With how popular UNO is it should surprise no one that eventually there would be an UNO dice game made at some point. What might be a little more surprising is that the idea was so obvious that there have actually been three different versions of UNO Dice created over the years. These aren’t just reprints of the same game either as the 1987, 1996, and 2011 versions of the game all play differently. Instead of looking at all three games in different reviews I decided to combine them all into one review in order to decide which version of the game is the definitive version of UNO Dice. Since I only own the 1996 and 2011 versions of the game, at this time the review will not cover the 1987 version. When I find a copy of the 1987 version of the game I will add my thoughts on that version as well. Despite being an obvious addition to the UNO line of games, UNO Dice does a surprisingly good job turning the original card game into a dice game.
How to Play UNO Dice
UNO Dice is a game that has had several versions over the years. While the games have a lot in common, I am going to include the rules for each version as there are some differences.
1996 UNO Dice
- Each player randomly draws five dice from the bag. The rest of the dice are left in the bag.
- All of the players roll their dice and leave them out on the table. Each players’ dice will be visible to the rest of the players for the entire game.
- One of the players randomly take a dice from the bag and roll it. If a number is not rolled, the die is rolled again. Once a number is rolled, this die will be the center die.
- The player who rolled the center die will start the round.
Playing the Game
A player begins the game by comparing their dice with the die in the center of the table. If the player has a die that matches the number, color or command on the center die they can play the die. When playing a die, the new die replaces the old center die. The old center die is returned to the bag.
If a player can’t play one of their dice or they choose not to, they roll all of their dice. If the player can now play a die, they have the opportunity to play it. If they still don’t have a die that they can play or choose not to, the player draws a die from the bag and rolls it. If they roll something that matches the number, color or command of the center die they can play it immediately.
If at any time a player has to draw a die/dice and there are not enough left in the bag, the player draws as many dice as they can.
The next player then takes their turn trying to play a die that matches the center die.
When a player only has one die remaining they must announce “UNO.” If a player catches them not saying UNO before the next player takes their turn, the player who didn’t say UNO has to draw two dice from the bag and roll them.
The game includes a couple special dice which give the player who plays them a special ability.
Reverse: When a reverse die is played, the direction of play reverses. For example if the play order is clockwise, after a reverse the play order will be counter clockwise.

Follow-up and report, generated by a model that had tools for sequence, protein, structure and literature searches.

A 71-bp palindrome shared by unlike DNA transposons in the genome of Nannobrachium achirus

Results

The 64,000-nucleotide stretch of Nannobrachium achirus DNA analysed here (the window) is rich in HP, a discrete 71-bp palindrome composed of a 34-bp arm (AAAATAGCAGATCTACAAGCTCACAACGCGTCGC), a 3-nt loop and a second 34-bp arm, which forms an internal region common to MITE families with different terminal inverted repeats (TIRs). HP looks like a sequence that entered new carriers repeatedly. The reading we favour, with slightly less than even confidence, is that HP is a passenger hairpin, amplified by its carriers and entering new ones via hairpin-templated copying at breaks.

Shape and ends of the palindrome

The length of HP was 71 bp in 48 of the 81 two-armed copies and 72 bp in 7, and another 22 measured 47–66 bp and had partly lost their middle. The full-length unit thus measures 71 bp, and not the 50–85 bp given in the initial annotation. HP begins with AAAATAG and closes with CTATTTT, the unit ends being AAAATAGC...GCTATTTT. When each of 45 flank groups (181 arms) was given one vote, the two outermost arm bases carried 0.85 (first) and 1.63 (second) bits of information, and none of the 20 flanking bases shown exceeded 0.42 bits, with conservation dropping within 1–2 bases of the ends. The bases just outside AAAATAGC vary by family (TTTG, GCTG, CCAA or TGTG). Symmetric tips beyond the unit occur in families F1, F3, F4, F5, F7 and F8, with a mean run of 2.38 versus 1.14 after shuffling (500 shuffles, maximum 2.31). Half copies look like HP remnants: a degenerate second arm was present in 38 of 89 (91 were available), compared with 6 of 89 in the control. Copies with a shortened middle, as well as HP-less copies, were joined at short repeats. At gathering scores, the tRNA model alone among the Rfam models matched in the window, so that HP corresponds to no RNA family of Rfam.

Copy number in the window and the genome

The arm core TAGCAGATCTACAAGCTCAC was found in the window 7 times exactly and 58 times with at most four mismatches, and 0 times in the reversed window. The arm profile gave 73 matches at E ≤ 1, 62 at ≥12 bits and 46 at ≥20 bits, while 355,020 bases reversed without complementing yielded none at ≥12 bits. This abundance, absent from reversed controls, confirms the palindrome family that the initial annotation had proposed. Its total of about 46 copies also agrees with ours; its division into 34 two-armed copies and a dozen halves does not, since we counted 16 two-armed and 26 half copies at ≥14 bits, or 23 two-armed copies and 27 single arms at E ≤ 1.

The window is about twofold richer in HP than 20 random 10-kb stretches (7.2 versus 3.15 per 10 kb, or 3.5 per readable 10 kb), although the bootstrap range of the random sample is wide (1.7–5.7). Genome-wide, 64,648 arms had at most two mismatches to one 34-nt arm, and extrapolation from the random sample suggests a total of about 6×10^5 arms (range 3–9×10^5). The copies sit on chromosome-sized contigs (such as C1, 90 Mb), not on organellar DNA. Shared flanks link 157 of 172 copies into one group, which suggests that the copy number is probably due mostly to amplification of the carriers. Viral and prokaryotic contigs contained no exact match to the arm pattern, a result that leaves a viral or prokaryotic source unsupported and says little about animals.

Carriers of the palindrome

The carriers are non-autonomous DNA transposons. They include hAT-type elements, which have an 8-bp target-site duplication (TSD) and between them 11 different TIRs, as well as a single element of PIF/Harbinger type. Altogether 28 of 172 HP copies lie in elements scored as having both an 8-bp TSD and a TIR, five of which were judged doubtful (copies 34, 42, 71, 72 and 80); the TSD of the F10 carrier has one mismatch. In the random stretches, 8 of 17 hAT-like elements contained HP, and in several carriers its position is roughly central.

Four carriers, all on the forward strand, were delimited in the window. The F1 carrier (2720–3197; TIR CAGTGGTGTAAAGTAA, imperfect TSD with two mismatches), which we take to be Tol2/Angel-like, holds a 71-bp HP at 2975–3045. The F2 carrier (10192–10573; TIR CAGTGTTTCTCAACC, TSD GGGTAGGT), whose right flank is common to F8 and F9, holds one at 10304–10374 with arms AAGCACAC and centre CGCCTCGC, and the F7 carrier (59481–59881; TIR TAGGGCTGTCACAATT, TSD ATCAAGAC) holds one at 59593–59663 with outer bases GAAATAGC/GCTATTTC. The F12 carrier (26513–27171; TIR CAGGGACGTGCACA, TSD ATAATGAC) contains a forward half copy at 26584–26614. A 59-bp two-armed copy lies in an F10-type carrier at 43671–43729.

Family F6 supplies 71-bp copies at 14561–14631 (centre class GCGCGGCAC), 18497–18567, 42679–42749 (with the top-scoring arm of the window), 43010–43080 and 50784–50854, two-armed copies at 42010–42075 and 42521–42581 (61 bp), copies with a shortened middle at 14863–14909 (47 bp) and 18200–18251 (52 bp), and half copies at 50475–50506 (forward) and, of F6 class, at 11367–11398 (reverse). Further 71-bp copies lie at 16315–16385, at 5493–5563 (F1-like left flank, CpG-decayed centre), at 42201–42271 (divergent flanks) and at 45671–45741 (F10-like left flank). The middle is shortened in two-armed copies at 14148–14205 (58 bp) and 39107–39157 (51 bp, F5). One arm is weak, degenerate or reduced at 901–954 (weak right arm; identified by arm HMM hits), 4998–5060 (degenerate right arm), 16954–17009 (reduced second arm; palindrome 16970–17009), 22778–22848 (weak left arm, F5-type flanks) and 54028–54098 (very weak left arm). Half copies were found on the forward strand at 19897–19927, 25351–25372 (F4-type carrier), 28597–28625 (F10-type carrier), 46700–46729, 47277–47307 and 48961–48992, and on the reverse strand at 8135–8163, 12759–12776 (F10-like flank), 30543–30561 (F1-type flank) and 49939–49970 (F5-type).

Skip: The next player loses their turn.
Draw Two: The next player loses their turn and has to draw two dice from the bag. They will roll the two dice they take from the bag.
Wild: A wild die matches any other dice in the game. When a player plays a wild die they choose what color it will represent.
Wild Draw Four: When a player plays a wild draw four the next player has to draw four dice from the bag, roll the dice they drew, and lose their next turn. The player who played the die gets to choose the die’s color. A player can only play a wild draw four if they are unable to play a die that matches the color of the center die. If they play the die incorrectly, they have to draw the four dice.
A round ends when one player has played their last die. If the last die played is a draw 2 or wild draw 4, the next player has to draw the corresponding number of dice and roll them. The player who played all of their dice scores points for the dice that the other players had remaining. Each die is worth the following:
- Number Dice: Face Value
- Draw 2, Reverse, Skip: 20 points
- Wild, Wild Draw Four: 50 points
If none of the players have 500 or more points, another round is played.
Winning the Game
The first player to score 500 or more points wins the game.
UNO Dice 2011
- Each player takes five dice.
- Both players roll one of their dice. The player who rolls the highest number starts the game (all special dice count as 0).
- Each player then rolls all five of their dice. This will be their starting hand. The dice are visible to the other player for the entire game.
- One of the players rolls the die that neither player took. If a number isn’t rolled, roll the die again until a number is rolled.
Playing the Game
On a player’s turn they will try to play a die from their hand that matches the number, color or symbol on the last played die. If a player has a matching die, they play it next to the last played die (either to the right or below depending on how the players chose to place the dice).